Blogger David Bjorlin is a worship pastor at Resurrection Covenant Church (Chicago), a lecturer in worship at North Park Theological Seminary (Chicago), and a published hymnwriter.
[In my previous post, I explored how The Sound of Music’s “Edelweiss” helped me understand that a congregational song’s theological content can only be interpreted correctly if we understand the context in which it is sung. Today’s post can be read as a continuation of that discussion.]
If you went into the worship supply closet at Resurrection Covenant Church (the congregation where I have served as the worship pastor for the last eight years) —well, first you should watch your step, because it’s a mess in there and you might hurt yourself. But if you managed to avoid the protruding bass amp and the rogue music stand, you’d see a battered filing cabinet. If you pulled out the first two drawers, you’d find folders full of chord charts or lead sheets for almost every song we’ve sung over the last ten years. If you started flipping through the folders, you’d notice that many of the songs’ official versions have been amended in one way or another. On some, a word or two are changed to make the song’s lyrics gender inclusive. Others have an alternative chord scrawled in to replace one that just didn’t sound right (or sounded boring). Yet, the most frequent change you would notice would be the songs’ pronouns: scores of “I’s,” “me’s,” and “my’s” are hastily cross out with corresponding “we’s,” “us’s,” and “ours’” scrawled above.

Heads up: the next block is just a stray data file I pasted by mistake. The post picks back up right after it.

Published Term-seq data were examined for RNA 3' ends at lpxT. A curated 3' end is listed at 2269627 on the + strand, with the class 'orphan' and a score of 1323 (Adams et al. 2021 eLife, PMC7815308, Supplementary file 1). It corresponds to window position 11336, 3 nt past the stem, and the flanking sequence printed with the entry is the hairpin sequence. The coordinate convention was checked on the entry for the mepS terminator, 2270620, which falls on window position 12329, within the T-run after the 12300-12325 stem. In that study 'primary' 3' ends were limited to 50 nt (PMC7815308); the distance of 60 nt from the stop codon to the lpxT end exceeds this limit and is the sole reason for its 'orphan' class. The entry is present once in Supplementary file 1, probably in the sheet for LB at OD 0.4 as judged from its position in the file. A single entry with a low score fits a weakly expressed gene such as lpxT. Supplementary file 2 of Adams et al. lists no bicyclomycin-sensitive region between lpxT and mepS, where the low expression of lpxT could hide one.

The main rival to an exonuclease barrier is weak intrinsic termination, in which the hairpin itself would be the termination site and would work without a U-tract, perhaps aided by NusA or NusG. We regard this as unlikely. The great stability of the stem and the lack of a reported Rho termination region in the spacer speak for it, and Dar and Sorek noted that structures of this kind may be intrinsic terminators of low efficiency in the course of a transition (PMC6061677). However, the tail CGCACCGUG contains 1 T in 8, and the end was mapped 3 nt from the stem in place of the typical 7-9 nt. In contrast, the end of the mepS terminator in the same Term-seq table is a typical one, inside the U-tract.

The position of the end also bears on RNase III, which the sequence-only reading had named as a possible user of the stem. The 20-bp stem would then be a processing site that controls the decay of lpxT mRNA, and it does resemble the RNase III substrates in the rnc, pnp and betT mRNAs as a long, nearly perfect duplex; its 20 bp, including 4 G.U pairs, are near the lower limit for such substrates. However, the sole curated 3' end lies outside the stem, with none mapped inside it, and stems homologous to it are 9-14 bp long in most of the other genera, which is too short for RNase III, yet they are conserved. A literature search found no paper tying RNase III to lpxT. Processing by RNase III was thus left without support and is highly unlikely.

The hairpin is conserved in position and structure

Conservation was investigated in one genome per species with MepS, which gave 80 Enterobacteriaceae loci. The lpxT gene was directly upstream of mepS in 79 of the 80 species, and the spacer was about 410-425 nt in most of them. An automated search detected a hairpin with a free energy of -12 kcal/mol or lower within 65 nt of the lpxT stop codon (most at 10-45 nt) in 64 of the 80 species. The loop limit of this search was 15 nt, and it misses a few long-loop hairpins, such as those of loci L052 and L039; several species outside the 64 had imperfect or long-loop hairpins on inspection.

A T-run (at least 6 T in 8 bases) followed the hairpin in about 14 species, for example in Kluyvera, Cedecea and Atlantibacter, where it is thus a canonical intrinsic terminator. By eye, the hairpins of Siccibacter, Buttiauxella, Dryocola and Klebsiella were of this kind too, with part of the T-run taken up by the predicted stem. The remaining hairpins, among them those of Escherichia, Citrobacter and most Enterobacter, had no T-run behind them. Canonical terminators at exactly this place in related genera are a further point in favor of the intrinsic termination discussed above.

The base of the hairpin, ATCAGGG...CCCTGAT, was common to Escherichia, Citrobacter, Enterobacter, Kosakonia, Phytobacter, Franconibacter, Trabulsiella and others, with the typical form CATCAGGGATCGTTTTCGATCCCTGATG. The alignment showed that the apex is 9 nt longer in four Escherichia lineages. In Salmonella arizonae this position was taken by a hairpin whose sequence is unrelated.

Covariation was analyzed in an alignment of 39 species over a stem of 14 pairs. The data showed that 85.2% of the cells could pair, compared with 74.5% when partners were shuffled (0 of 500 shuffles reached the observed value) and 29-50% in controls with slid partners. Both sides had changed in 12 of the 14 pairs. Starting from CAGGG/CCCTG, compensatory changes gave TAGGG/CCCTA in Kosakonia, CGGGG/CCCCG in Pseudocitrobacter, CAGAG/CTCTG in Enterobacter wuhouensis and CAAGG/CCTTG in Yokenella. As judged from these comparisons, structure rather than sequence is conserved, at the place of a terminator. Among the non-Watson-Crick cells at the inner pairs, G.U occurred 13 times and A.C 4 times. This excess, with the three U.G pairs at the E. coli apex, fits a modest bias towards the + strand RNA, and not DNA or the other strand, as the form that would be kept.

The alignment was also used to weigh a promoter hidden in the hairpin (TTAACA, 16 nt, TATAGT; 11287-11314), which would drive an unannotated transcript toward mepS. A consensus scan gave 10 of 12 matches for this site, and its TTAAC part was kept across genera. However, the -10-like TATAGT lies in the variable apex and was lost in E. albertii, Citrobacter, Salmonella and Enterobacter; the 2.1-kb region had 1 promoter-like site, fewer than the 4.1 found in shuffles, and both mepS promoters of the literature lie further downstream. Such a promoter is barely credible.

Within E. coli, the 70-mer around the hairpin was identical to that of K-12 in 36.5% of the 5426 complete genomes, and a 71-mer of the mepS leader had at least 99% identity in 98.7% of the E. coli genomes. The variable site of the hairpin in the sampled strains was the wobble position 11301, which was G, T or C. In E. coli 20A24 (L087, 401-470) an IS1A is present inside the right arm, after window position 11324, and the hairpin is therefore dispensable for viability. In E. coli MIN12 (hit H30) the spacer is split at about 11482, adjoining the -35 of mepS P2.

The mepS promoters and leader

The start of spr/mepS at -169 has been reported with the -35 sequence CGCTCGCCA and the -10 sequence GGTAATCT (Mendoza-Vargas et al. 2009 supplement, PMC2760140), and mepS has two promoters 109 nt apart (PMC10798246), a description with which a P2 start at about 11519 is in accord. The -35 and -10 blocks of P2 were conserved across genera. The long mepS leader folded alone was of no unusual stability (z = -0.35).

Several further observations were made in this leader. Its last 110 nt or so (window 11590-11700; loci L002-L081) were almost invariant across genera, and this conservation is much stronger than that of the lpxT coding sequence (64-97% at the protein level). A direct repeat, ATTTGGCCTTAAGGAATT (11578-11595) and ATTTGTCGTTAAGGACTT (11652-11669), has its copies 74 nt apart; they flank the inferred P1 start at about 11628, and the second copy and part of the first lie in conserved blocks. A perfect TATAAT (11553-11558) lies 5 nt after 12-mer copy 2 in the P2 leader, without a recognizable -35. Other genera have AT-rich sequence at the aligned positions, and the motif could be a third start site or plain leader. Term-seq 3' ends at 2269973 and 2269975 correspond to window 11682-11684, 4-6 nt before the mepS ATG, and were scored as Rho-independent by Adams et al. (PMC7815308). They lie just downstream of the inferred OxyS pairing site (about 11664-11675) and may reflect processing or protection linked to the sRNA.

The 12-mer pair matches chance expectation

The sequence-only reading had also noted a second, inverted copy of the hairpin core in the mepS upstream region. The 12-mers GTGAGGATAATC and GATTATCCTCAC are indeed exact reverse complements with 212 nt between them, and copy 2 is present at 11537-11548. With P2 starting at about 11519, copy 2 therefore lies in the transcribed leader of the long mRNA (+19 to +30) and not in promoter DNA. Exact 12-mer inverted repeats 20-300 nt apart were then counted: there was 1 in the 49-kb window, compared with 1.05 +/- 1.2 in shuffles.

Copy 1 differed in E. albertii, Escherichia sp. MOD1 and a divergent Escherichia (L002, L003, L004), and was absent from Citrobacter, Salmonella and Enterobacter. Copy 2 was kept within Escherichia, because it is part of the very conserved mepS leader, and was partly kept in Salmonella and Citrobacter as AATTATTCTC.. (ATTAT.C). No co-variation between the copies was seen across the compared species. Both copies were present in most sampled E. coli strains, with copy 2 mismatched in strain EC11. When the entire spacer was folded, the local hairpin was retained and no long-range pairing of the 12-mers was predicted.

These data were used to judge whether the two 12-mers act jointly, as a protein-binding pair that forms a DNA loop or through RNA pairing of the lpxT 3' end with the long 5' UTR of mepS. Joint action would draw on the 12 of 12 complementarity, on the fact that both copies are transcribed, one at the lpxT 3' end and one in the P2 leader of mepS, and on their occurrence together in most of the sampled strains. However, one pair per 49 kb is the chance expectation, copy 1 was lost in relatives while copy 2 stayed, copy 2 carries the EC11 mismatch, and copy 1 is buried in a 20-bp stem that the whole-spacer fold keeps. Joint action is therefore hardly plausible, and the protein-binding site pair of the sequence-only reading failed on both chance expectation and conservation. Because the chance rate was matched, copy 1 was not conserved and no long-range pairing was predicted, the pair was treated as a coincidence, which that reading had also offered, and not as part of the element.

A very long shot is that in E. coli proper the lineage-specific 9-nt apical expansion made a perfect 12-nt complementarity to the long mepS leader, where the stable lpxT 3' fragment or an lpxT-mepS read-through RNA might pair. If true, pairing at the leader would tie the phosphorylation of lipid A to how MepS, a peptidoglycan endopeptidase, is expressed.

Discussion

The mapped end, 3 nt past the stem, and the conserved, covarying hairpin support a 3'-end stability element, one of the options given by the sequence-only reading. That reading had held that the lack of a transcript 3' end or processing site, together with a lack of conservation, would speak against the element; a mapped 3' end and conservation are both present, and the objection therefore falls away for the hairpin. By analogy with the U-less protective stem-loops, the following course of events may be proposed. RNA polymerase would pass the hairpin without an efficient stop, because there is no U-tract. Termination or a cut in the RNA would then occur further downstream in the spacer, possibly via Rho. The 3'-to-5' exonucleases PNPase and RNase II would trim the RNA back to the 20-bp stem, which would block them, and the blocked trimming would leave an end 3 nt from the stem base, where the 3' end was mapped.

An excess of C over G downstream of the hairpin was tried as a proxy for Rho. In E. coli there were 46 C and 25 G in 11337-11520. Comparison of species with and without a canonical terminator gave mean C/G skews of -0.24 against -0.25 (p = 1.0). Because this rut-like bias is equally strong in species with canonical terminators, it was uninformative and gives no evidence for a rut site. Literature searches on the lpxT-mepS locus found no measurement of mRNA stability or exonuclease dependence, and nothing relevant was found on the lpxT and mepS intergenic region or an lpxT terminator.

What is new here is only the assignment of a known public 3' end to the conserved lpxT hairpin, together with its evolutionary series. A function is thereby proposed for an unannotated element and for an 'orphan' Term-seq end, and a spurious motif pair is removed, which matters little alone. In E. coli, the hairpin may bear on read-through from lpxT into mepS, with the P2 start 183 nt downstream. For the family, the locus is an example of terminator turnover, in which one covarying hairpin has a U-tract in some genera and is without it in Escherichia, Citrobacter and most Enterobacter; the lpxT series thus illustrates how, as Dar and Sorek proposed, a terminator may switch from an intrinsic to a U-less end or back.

In my first few years of ministry, I was something of a pronoun zealot. Armed with a firm belief in the harmful effects of individualism and consumerism on congregational life and a v5 Precise pen, it was my personal mission to banish I/me/my from vast swaths of congregational song. Whatever the season or context, we were going to sing “we” if it killed me (us?).
While I still believe the “we” is essential in congregational song, voices from other social locations have helped me understand that even the “I” we sing—perhaps especially the “I” we sing—is contextual. Before we as worship planners and leaders can know what “I” means in a hymn or praise song, we need to explore more basic questions: Who is singing? Where? Why?
Who Is Singing?
One of the first lessons I needed to learn as a worship leader and planner—especially as a straight, white, male worship leader—was that my experiences and social location weren’t normative (an obvious lesson perhaps, but one that needs to be stated again and again because it is still sorely missing from many theological and liturgical discussions). The way I understand “I” is conditioned by my race, gender, class, and sexual orientation, to name but a few.